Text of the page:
Christian thriller 'Sound of Freedom' faces criticism for stoking conspiracy theories
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The film "Sound Of Freedom" is this summer's surprise box office hit, raking in more than $85 million in ticket sales. As NPR's Shannon Bond reports, the movie is being criticized as a vehicle for conspiracy theories.
SHANNON BOND, BYLINE: "Sound Of Freedom" is a thriller about a former federal agent rescuing children from exploitation.
(SOUNDBITE OF FILM, "SOUND OF FREEDOM")
UNIDENTIFIED ACTOR: (As character) Why are you doing it?
UNIDENTIFIED PERSON: (Singing) Sweet land of liberty.
JIM CAVIEZEL: (As Tim Ballard) 'Cause God's children are not for sale.
BOND: The film, based on a real-life controversial anti-trafficking activist, is being heavily promoted in conservative media. It caught the wider world's eye when it earned almost as much money on its release day as the latest "Indiana Jones" movie. And a big part of its success is an appeal from its star, Jim Caviezel, who comes on screen at the end urging viewers to buy more tickets so other people can see it.
(SOUNDBITE OF FILM, "SOUND OF FREEDOM")
CAVIEZEL: Let's make this film a historic event and the start to the end of child trafficking.
BOND: Caviezel is drawing attention to the film in other ways. For years, he's been a prominent promoter of the false, violent QAnon conspiracy theory, specifically the claim that an international cabal of elites is abusing and killing children to extract a substance called adrenochrome. These wild claims have become deeply enmeshed with narratives about child trafficking, and Caviezel is pushing them on his press tour. Here's a recent exchange with former Trump adviser Steve Bannon about what's driving demand for children.
(SOUNDBITE OF ARCHIVED RECORDING)
CAVIEZEL: Adrenochrome. The whole adrenochrome empire. This is a big deal.
BOND: Now, "Sound Of Freedom" itself does not contain any references to adrenochrome or other conspiracy theories. It was actually filmed before the QAnon phenomenon started. Angel Studios, the film's distributor, publicly rejects any association with conspiracies. So do Tim Ballard, the former federal agent Caviezel's character is based on, and his organization Operation Underground Railroad. They all declined or didn't respond to my interview requests. But recently, Ballard claimed adrenochrome harvesting is real. And his statements and Caviezel's have an impact, says Mike Rothschild, who wrote a book about QAnon.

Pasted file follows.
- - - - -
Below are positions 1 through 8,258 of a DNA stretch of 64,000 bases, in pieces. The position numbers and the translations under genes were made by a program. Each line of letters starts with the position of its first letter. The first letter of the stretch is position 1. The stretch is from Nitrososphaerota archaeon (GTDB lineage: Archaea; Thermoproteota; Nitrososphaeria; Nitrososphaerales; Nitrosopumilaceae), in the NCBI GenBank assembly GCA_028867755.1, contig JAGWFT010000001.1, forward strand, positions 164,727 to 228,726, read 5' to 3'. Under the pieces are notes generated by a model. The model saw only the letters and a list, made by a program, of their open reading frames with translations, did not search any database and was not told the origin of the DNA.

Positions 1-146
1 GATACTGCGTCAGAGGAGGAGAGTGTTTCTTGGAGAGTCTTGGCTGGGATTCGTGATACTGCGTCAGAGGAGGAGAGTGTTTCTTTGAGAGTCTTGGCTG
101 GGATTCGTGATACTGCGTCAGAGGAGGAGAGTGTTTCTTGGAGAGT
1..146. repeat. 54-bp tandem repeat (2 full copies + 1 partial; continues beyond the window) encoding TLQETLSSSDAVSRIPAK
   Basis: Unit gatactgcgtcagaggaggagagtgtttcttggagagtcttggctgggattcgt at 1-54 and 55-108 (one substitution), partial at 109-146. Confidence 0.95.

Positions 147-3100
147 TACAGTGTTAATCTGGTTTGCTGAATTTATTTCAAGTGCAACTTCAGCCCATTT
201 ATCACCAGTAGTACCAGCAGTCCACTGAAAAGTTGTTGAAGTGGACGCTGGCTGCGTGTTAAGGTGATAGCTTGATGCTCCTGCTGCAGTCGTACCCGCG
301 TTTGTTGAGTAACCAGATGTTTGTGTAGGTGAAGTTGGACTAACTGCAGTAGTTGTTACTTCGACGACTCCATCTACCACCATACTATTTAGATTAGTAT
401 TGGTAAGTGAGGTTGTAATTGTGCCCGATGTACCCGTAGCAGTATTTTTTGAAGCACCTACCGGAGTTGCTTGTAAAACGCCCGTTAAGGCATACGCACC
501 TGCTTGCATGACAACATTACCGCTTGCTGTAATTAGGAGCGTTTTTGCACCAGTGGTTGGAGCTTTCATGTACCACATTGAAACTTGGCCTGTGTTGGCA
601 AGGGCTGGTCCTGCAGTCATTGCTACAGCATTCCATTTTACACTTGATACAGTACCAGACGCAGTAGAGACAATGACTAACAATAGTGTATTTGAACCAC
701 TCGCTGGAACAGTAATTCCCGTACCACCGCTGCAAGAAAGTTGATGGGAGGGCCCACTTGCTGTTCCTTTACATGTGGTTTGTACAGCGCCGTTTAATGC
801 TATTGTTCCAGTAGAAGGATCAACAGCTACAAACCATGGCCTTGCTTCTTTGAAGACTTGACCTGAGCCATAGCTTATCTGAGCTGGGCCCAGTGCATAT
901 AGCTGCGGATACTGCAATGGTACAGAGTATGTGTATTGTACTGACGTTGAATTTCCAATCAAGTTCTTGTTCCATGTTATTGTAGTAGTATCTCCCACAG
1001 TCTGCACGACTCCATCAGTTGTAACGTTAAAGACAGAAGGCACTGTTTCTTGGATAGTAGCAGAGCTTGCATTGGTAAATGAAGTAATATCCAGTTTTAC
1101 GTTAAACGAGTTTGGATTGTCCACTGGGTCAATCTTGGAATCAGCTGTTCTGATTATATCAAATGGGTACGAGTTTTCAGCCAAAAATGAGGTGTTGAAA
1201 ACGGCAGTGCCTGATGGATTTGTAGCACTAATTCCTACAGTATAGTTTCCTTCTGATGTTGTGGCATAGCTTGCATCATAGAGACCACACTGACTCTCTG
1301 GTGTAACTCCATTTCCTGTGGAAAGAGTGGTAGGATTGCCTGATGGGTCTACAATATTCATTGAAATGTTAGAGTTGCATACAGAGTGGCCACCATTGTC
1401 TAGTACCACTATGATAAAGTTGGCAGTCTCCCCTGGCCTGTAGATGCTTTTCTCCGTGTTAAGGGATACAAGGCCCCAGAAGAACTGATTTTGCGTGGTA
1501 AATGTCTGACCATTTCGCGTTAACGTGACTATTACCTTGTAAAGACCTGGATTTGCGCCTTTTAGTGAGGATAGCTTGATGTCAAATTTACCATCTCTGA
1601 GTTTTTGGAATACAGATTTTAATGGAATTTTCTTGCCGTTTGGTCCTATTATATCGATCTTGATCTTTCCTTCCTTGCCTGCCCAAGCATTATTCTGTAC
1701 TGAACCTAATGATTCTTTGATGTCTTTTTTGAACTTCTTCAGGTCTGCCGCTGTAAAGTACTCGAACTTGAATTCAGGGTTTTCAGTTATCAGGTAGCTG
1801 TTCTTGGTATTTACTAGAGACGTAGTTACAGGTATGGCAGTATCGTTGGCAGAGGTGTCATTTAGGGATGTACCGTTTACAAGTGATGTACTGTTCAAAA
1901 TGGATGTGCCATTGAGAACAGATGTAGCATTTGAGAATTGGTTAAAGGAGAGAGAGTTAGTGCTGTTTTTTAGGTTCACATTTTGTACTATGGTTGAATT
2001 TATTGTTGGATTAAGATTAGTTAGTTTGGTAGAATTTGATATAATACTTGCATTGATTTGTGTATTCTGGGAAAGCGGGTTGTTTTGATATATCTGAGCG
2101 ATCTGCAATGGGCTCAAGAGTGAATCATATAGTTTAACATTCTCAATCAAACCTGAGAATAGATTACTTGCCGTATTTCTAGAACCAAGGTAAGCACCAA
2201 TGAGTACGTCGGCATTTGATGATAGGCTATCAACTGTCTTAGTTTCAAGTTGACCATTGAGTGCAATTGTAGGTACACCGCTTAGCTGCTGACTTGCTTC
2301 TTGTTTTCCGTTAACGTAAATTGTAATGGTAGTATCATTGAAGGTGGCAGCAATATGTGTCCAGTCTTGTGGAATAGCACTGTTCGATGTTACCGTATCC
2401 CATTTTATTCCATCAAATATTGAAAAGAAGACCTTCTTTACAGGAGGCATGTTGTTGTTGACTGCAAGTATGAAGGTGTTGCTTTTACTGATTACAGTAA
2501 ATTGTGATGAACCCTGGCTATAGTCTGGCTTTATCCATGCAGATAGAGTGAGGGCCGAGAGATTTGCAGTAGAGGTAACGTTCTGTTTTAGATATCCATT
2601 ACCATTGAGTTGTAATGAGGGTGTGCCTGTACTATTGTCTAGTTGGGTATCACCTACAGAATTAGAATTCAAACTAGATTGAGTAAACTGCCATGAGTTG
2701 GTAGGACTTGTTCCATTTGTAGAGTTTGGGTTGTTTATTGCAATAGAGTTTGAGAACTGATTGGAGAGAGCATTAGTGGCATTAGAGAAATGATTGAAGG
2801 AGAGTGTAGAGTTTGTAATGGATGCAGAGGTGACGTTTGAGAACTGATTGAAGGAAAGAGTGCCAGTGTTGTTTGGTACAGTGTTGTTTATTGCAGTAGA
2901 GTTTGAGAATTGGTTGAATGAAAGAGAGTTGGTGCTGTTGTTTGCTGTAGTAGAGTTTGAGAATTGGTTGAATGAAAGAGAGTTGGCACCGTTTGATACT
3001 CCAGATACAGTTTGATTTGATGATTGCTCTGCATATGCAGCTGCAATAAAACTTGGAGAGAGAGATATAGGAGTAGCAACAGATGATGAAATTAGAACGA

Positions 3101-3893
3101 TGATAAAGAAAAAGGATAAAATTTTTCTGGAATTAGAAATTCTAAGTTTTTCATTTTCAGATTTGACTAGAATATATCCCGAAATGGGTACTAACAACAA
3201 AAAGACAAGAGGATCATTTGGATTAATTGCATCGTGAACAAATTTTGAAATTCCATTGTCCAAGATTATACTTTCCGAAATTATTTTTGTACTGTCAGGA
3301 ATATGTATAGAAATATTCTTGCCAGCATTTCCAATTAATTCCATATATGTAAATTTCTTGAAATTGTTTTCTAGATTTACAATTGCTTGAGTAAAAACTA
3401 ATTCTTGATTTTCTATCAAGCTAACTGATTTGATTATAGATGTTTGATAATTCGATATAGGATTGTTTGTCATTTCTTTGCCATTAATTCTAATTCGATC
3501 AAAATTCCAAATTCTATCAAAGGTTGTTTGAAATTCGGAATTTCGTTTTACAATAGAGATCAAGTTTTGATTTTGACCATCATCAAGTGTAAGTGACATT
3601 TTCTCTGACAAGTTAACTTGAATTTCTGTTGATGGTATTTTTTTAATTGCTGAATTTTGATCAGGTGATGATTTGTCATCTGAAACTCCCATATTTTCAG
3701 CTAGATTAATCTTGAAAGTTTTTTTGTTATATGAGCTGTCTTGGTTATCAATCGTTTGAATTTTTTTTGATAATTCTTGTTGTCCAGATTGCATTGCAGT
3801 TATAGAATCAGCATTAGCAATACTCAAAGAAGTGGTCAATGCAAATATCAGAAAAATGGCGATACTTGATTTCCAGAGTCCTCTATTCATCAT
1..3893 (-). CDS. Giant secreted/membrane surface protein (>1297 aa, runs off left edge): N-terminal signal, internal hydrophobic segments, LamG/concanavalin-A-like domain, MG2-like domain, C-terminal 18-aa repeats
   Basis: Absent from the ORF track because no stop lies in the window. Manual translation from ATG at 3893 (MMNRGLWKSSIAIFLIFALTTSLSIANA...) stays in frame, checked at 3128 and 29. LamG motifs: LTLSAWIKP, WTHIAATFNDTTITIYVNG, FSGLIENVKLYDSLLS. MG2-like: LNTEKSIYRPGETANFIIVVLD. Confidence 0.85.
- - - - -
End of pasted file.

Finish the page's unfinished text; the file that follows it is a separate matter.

MIKE ROTHSCHILD: It's being marketed to QAnon believers. It's being embraced by this community, and its leading actor is a huge part of the QAnon community.
BOND: Setting aside the QAnon cloud, the rescue story the film tells is also a lightning rod. Many of the missions Operation Underground Railroad describes are hard to verify or contain significant misrepresentations, according to reporting by Tim Marchman and Anna Merlan at Vice News.
TIM MARCHMAN: They're not whole-cloth falsehoods, but they reassemble things that are true or close to being true into stories that are just wildly and completely different from what actually happened.
BOND: Operation Underground Railroad has denied Vice's findings. On screen, "Sound Of Freedom" goes even further in fictionalizing Ballard's story, showing him single-handedly taking on a crime syndicate. The studio acknowledges taking, quote, "creative liberties." But these popular depictions raise concerns among anti-trafficking experts. They say they offer an incomplete portrait of a real and urgent problem. Elizabeth Campbell is co-director of the University of Michigan's Human Trafficking Clinic.
ELIZABETH CAMPBELL: Because trafficking is so varied and does span so many populations, it really tests our brain to not distill it down to some sort of this is what a common victim of human trafficking looks like. And by doing that, I think we make actual victims of human trafficking more invisible and more vulnerable to exploitation.
BOND: And she says they divert people's energy, resources and policy proposals away from where they're most needed.
Shannon Bond, NPR News. Transcript provided by NPR, Copyright NPR.
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